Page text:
Independent Review Panel - Re Retrospective NHS Healthcare Funding

Discussion in 'Legal and financial issues' started by BillDe, Oct 20, 2015.

  1. BillDe

    BillDe Registered User

    Jul 20, 2015
    1
    Hi

    As a 'newbie' to the Forums, I would appreciate members experiences and comments regarding the following.

    I am in the process of gathering information to request an Independent Review Panel after it was decided that my late father did not meet the eligibility criteria for retrospective NHS Continuing Healthcare.

    BACKGROUND -My late father was diagnosed with Alzheimers. Whilst at home on his own the local authority arranged for carers and nurses to attend to his needs under the direction of Social Services. But after a while it was suggested that he go into a home with a locked door policy as he was at risk of wandering, and a risk to himself . He moved to another care home with a locked door policy in another part of the country. He repeatedly tried and succeeded in getting out of both these homes. There were instances where he physically and verbally attacked residents and care staff, and needed long term medication (administered by trained staff) to treat this behaviour. He also needed medication and assistance to control his anxiety, occasional aggressive behaviour, low moods, poor memory, and later prostate cancer, and ongoing skin treatments for eczema and other skin and scalp conditions.

    The Multidisciplinary Team stated that there was no indication of a level of intensity of need that required additional care or carers, and his unpredictability of needs did not constitute a primary health need. They concluded that although he had severe cognitive impairment and episodes physical and verbal aggression that non of these increased the overall complexity,unpredictability or intensity of his needs.

    Has anybody had the experience of successfully achieving Retrospective NHS Continuing Healthcare?
    The main areas I aim to highlight to the IRP are :

    1 ... quote the landmark "Coughlan Case" and hopefully prove his needs were more than " incidental and ancillary to accommodation ."
    2 ... disagree with many of the levels of need the MDT applied in the eleven domains in the Decision Support Tool,and the reasons why I disagree.
    3 .. how the needs in one domain impacted on another other domains were not taken into consideration.

    Your comments ,thoughts, advice would be much appreciated.

    Kind regards

    BillDe
     
  2. katek

    katek Registered User

    Jan 19, 2015
    191
    Hi and welcome to the site

    The points you want to base your appeal on are exactly what they should be. Out of interest, what did your late father score on the DST? If it was 2 Severes, he should have got CHC anyway, as that is what the guidelines say (and is also way above Coughlan).

    However, as you say you disagree with scores in many domains, I imagine that wasn't the case. Without knowing how he scored in all 11, I think just from your brief description he should have scored Severe for Behaviour, which is the way the majority of dementia patients who manage to get CHC do so (alongside their Severe for Cognition). If he attacked other patients and care staff, surely that warrants Severe?! Otherwise, given that there is another level above Severe - Priority - I dread to think what someone would have to do to get that!!!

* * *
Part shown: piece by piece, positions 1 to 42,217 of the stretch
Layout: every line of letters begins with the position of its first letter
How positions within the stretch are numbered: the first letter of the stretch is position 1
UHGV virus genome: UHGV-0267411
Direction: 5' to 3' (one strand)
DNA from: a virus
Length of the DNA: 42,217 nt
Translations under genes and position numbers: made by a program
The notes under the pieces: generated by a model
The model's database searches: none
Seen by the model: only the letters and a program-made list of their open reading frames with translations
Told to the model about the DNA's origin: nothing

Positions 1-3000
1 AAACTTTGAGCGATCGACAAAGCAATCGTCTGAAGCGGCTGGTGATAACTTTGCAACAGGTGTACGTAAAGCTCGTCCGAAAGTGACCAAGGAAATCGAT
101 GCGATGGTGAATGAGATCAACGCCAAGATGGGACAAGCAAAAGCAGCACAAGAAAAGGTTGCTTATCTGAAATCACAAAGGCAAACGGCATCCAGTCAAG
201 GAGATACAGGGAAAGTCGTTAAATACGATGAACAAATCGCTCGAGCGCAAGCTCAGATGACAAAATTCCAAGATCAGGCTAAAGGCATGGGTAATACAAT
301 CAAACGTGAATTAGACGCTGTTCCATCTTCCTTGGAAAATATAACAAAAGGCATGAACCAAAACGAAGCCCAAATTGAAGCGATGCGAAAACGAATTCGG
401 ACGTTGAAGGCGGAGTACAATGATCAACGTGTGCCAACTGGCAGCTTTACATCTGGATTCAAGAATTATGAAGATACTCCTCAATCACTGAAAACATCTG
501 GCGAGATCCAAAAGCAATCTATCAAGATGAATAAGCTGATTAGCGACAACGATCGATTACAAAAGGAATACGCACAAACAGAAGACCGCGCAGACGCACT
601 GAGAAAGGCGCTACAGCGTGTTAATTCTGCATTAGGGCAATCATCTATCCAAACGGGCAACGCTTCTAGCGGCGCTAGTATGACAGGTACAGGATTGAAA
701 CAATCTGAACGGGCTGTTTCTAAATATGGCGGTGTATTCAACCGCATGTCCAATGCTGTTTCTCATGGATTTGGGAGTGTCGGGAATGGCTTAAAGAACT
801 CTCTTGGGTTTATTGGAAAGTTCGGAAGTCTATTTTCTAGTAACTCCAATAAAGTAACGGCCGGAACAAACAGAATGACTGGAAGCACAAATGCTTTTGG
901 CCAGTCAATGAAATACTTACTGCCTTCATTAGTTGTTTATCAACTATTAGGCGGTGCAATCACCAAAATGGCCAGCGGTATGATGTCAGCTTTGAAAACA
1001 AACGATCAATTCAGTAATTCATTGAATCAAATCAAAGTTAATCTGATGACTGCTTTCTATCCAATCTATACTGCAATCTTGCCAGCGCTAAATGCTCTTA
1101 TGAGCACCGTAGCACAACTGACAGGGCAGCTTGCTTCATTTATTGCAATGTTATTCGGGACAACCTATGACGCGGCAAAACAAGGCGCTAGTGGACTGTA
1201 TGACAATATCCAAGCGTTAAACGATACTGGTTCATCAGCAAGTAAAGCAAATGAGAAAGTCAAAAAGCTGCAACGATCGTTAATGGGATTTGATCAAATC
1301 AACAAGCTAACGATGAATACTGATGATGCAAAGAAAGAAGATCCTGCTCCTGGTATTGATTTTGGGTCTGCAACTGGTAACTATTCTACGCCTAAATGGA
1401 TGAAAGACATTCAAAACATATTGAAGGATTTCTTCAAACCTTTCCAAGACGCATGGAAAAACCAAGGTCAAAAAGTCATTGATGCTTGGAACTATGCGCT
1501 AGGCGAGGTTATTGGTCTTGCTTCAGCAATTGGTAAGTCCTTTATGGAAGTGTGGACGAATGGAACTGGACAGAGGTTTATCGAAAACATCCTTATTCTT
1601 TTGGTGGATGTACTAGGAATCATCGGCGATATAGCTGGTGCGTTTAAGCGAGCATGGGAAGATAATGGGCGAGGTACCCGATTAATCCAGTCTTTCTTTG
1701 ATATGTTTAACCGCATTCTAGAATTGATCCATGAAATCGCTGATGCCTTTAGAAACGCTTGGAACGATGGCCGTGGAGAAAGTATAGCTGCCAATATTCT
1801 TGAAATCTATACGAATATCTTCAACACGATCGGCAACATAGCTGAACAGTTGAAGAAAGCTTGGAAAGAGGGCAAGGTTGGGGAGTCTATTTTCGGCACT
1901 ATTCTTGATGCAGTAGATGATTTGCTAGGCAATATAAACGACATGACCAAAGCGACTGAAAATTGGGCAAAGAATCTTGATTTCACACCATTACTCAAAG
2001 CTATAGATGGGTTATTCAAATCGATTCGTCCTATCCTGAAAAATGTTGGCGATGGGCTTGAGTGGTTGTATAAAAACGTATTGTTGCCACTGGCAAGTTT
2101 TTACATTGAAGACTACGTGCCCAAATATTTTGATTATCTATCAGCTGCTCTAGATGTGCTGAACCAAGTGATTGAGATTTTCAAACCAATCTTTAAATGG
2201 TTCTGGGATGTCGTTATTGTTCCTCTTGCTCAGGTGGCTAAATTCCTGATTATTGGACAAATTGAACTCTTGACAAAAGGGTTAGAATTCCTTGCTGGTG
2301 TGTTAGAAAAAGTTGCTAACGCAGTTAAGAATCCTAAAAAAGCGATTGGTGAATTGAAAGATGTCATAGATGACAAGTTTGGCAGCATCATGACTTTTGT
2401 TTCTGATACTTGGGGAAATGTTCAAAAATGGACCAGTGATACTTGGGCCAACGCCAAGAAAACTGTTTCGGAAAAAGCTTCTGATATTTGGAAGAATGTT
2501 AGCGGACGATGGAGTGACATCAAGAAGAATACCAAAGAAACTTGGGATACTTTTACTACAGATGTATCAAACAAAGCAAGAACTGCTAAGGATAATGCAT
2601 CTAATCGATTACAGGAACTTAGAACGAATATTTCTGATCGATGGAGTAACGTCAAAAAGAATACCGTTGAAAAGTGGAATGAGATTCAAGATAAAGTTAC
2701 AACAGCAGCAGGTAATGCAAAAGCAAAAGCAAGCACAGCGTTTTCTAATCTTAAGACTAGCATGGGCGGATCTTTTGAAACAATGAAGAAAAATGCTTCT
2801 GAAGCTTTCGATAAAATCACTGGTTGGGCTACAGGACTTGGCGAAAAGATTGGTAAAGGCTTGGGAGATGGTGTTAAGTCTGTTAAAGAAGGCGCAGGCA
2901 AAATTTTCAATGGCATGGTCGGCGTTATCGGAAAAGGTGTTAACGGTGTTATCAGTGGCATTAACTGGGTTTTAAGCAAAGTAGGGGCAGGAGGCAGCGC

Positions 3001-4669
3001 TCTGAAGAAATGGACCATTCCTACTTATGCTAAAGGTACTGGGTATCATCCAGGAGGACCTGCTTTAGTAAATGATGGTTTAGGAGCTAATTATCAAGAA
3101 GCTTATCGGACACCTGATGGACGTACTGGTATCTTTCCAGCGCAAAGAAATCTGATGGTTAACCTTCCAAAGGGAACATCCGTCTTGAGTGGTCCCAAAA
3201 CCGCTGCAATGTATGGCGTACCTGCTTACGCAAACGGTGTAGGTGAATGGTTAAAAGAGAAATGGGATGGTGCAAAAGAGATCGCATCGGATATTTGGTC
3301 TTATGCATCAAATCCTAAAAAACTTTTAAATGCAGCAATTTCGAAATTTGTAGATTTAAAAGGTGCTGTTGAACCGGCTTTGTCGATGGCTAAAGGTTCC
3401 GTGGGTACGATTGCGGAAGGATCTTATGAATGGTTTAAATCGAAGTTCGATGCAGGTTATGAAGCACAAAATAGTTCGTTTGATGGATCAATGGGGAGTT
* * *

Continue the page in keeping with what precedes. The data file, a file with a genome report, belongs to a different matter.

So, I think your main focus would be to try to secure that second Severe, as that is the most straightforward way of getting CHC. Obviously, try to up the other domains too if you think they were underscored, but it is the top of the scale that really counts. The complexity etc arguments mainly need to be applied when someone scores less than two Severes, and are quite difficult to argue as they are hard to 'measure' as it were, but no harm in doing that as well.

    Your late father, as are many people refused CHC, is clearly well above the Coughlan Judgement level (she herself has correctly said she wouldn't score very highly on the DST)but find themselves having to go to these lengths to prove it. I wish you well, and let us know the outcome.
     
  3. Saffie

    Saffie Registered User

    Mar 26, 2011
    22,497
    Female
    Near Southampton
    I agree that severe aggression Is a criteria for gaining CHC but was told by the CHC assessor that 'occasional attacks on staff and aggression' did not even warrant a B rating on the assessment. She said she would expect to see the attacks and aggression reported on regular and even a daily basis.
    I think too, that the other elements mentioned, such as low moods, anxiety, poor memory and severe cognitive impairment could be applied to most sufferers of dementia in nursing homes. Skin conditions too to a certain extent.

    Go for it certainly but with a certain amount of cynicism. Good luck.:)
     
  4. nitram

    nitram Registered User

    Apr 6, 2011
    19,021
    Male
    North Manchester
  5. katek

    katek Registered User

    Jan 19, 2015
    191
    Obviously CHC assessors say that, as they have their budgets to take into consideration, but in doing so are making people who are above the Coughlan level appear to be actually below it, thereby depriving them of what is their right by law. They should not be allowed to have the power to do that.

    You are right to say we have to be cynical, but it's so sad, isn't it, that people have to grovel in this way? It shouldn't be like that.
     

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